As Fox Reportedly Nears a Deal With Disney, Its CEO Remains Quiet

James Murdoch says his company is looking at 'what's going to create the value for our shareholders'

James Murdoch declined to comment on reports that his company is in talks to sell some of its assets to Disney, and its CEO Bob Iger.
Getty Images

One month after the first report emerged that 21st Century Fox was in talks to sell part of its company to The Walt Disney Company, the companies are reportedly closing in on a deal, which could be announced next week.

Just hours after the CNBC report about Fox and Disney, 21st Century Fox CEO James Murdoch declined to comment during his keynote speech at the UBS 45th annual global media and communications conference in New York.

“It would be wrong to comment on market speculation,” said Murdoch. “There’s nothing to add to that other than the nothing we’ve said so far.” However, the CEO did go on to say that his company is always thinking about “long-term value,” explaining “always we look to, what’s going to create the most value for our shareholders.”

Under the deal, Fox would reportedly sell its studio and TV production assets (including National Geographic, FX, the movie studio, the regional sports networks and Fox’s stakes in Sky and Hulu), and keep its news and business news networks, broadcast network and Fox Sports. Disney would not be able to buy all of Fox, given that it already owns one broadcast network, ABC, and could not own a second.

While Fox would still have several networks, the loss of its production studio would be a major blow given the importance of vertical integration, depriving it of a key TV revenue source.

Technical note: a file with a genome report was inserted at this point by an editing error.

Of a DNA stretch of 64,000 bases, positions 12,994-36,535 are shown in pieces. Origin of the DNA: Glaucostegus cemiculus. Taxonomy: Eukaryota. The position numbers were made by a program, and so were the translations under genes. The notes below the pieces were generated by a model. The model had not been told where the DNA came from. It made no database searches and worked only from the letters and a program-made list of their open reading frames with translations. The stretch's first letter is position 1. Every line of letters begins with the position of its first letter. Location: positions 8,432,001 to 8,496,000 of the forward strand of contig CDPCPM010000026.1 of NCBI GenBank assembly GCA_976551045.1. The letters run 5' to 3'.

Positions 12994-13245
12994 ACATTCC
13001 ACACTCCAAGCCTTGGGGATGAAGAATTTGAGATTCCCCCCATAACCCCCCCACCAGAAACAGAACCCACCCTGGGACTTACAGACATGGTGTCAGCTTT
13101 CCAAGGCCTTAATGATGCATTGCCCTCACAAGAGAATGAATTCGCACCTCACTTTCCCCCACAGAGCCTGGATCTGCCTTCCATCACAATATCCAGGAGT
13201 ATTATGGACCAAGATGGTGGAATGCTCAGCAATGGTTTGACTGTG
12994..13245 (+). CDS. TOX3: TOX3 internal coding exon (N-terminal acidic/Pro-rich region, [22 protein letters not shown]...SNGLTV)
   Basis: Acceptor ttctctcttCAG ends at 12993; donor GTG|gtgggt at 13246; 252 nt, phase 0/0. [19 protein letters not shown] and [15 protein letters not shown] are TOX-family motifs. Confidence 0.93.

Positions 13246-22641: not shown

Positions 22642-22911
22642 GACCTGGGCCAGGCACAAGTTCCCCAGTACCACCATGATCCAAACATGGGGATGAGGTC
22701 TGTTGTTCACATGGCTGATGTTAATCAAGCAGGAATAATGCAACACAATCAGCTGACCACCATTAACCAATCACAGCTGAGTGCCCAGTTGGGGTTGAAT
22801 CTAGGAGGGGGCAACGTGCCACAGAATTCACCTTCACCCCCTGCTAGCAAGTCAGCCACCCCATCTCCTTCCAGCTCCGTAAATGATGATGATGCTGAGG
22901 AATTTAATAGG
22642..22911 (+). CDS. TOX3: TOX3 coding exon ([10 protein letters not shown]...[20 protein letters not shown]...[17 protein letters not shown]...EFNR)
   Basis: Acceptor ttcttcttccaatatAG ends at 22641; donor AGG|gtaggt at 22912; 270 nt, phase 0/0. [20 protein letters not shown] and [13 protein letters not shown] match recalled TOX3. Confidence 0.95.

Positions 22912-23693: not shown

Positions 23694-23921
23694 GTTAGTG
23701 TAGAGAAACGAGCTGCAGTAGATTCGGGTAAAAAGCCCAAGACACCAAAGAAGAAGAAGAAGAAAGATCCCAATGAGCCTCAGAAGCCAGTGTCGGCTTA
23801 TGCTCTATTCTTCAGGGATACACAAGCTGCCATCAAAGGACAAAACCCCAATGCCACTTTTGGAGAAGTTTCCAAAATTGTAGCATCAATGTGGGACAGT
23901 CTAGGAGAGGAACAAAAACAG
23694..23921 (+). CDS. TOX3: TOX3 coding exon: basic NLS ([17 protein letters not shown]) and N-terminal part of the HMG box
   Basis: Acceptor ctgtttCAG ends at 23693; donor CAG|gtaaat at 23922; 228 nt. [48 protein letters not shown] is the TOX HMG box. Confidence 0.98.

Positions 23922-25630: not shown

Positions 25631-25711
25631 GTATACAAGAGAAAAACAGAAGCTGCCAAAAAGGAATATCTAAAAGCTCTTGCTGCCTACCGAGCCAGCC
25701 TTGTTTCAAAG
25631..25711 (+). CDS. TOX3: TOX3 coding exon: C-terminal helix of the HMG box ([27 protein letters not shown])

The enterprise value of the Fox assets that Disney would be acquiring is north of $60 billion, according to CNBC.

Fox declined to comment to Adweek about the report, and Disney did not respond to a request for comment.

Murdoch’s brother Lachlan, who is executive chairman of 21st Century Fox, also declined to address reports of a sale at Business Insider’s annual Ignition: Future of Media conference last week in New York, explaining that he didn’t want to “feed that gossip” about a potential sale. But Lachlan noted that the speculation “has caused a debate around scale,” and declared “we feel strongly about where we’re positioned to grow … as a standalone company.”

After initial discussions between 21st Century Fox and Disney cooled, other media companies like Comcast and Verizon also spoke with Fox about a possible sale.

If a deal is indeed announced, it is unclear when the acquisition would be finalized. AT&T reached a deal to buy Time Warner (which had previously been in merger talks with Fox) in October 2016, and that deal still hasn’t been completed.

 

 

Outbrain